The next course was the heavier protein course, and there were three choices here. We went with the pork dish and the beef dish. Of the two, the beef was the better one. It was called “steak and eggs” on the menu and consisted of a nice hunk of steak that was cooked nicely medium rare with vegetable hash on the side—it had nice crispy buttery tasting potatoes with squash and mushrooms mixed in on top of a Chimichurri sauce. And there was a perfectly poached egg sitting atop the potatoes. The steak itself sat on top of a Bordelaise sauce. I loved the hash—not sure what they were cooking it all in, but it tasted decadent. Maybe something like duck fat was involved? The steak was also good, but after cracking that egg into the potatoes, I was in love with that side of the plate.
The pork dish was not as exciting and the pork loin part of it was a touch on the dry side. The pork belly part was nice. It had that silky fatty taste without feeling gelatinous, the way pork belly sometimes can. It was served with sweet corn grits, Concord grape mostarda, grilled figs and candied beets. Something about this dish just didn’t let it get past the individual parts of it for me to turn it into a cohesive dish—although the grits and pork belly together were delightful.
For dessert we chose the cheese plate and the cornmeal cake. The cheese plate was the other highlight of the meal. It was simple as far as the amount of cheeses—but all the accompaniments made it into something really special. Just the super thin toasted slices of walnut raisin bread alone were great with it. I love it when a restaurant takes the time to make the bread with a cheese plate special. I also love it when it’s cut really thin so you can really appreciate the cheese flavor without being overwhelmed with bread that’s too, well, bready. There was also fresh fruit—pomegranate, apples and figs, but also a lovely jam. We ended up needing some extra bread to eat it all, which they happily brought us. Superb.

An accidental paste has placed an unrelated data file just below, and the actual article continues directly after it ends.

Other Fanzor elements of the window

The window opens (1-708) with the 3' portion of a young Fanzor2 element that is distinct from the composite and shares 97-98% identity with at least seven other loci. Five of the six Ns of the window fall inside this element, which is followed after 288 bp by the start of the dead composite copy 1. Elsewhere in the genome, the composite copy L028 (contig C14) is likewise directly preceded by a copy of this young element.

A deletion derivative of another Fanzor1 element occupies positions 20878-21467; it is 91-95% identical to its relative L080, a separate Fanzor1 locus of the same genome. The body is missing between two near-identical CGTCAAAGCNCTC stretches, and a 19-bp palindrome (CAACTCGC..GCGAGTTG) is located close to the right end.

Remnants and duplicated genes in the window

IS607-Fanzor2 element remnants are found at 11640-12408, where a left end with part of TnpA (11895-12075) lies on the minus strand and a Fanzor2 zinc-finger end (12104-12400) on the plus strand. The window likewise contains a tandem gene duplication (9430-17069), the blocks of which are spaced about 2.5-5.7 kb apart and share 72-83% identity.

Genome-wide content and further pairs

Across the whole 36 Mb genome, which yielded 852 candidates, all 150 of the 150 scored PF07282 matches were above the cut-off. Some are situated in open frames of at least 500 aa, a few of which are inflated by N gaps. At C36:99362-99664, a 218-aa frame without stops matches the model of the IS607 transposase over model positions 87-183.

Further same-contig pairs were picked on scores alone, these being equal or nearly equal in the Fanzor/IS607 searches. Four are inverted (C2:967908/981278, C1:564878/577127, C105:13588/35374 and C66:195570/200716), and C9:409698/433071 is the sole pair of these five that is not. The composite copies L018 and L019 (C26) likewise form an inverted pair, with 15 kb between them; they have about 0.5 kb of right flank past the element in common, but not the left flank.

The cornmeal cake was unique, and good, but just didn’t stand up to the strength of the cheese plate. It was small course though—which I appreciated because by the end, you’re feeling pretty full. The cake was small pieces that were very tender—they were accompanied by peaches, berry pudding, corn and buttermilk ice cream. Loved the rich, but with just a hint of sour, flavor of the ice cream.
We also enjoyed the wine pairing, which they do a really nice job with as far as what they choose. Our only complaint is that depending on your server, your pour size may vary. Our server was very light on the pours—so small that it was hard to make it last through to the course (because they poured it as soon as you finished the course before). We finally just asked for an extra glass of one of the pours to share so that we could have enough to sip on while we waited for our next course. They didn’t end up charging us for it, so I guess it worked out. Speaking of service though, one of the things that we loved about this place the first time was how friendly our server was. He was just chatty enough and always smiling. This time our server seemed like maybe he was having a bad day or something. A little gruff and a little rushed at times, even though the restaurant wasn’t super full when we first arrived. We didn’t see Chef Lee milling around this time either, but since our last visit, he’s had lots of good press and is busy opening other new restaurants so he probably wasn’t there.
All in all, it’s still a great restaurant, with a great homey atmosphere and we still look forward to returning, even if this visit wasn’t quite as spectacular as our first. Maybe we just set our expectations too high. One of these days I want to get over to Milkwood (Chef Lee’s other restaurant in Louisville) and try it as well. It sounds delicious.
Lousiville, KY 40208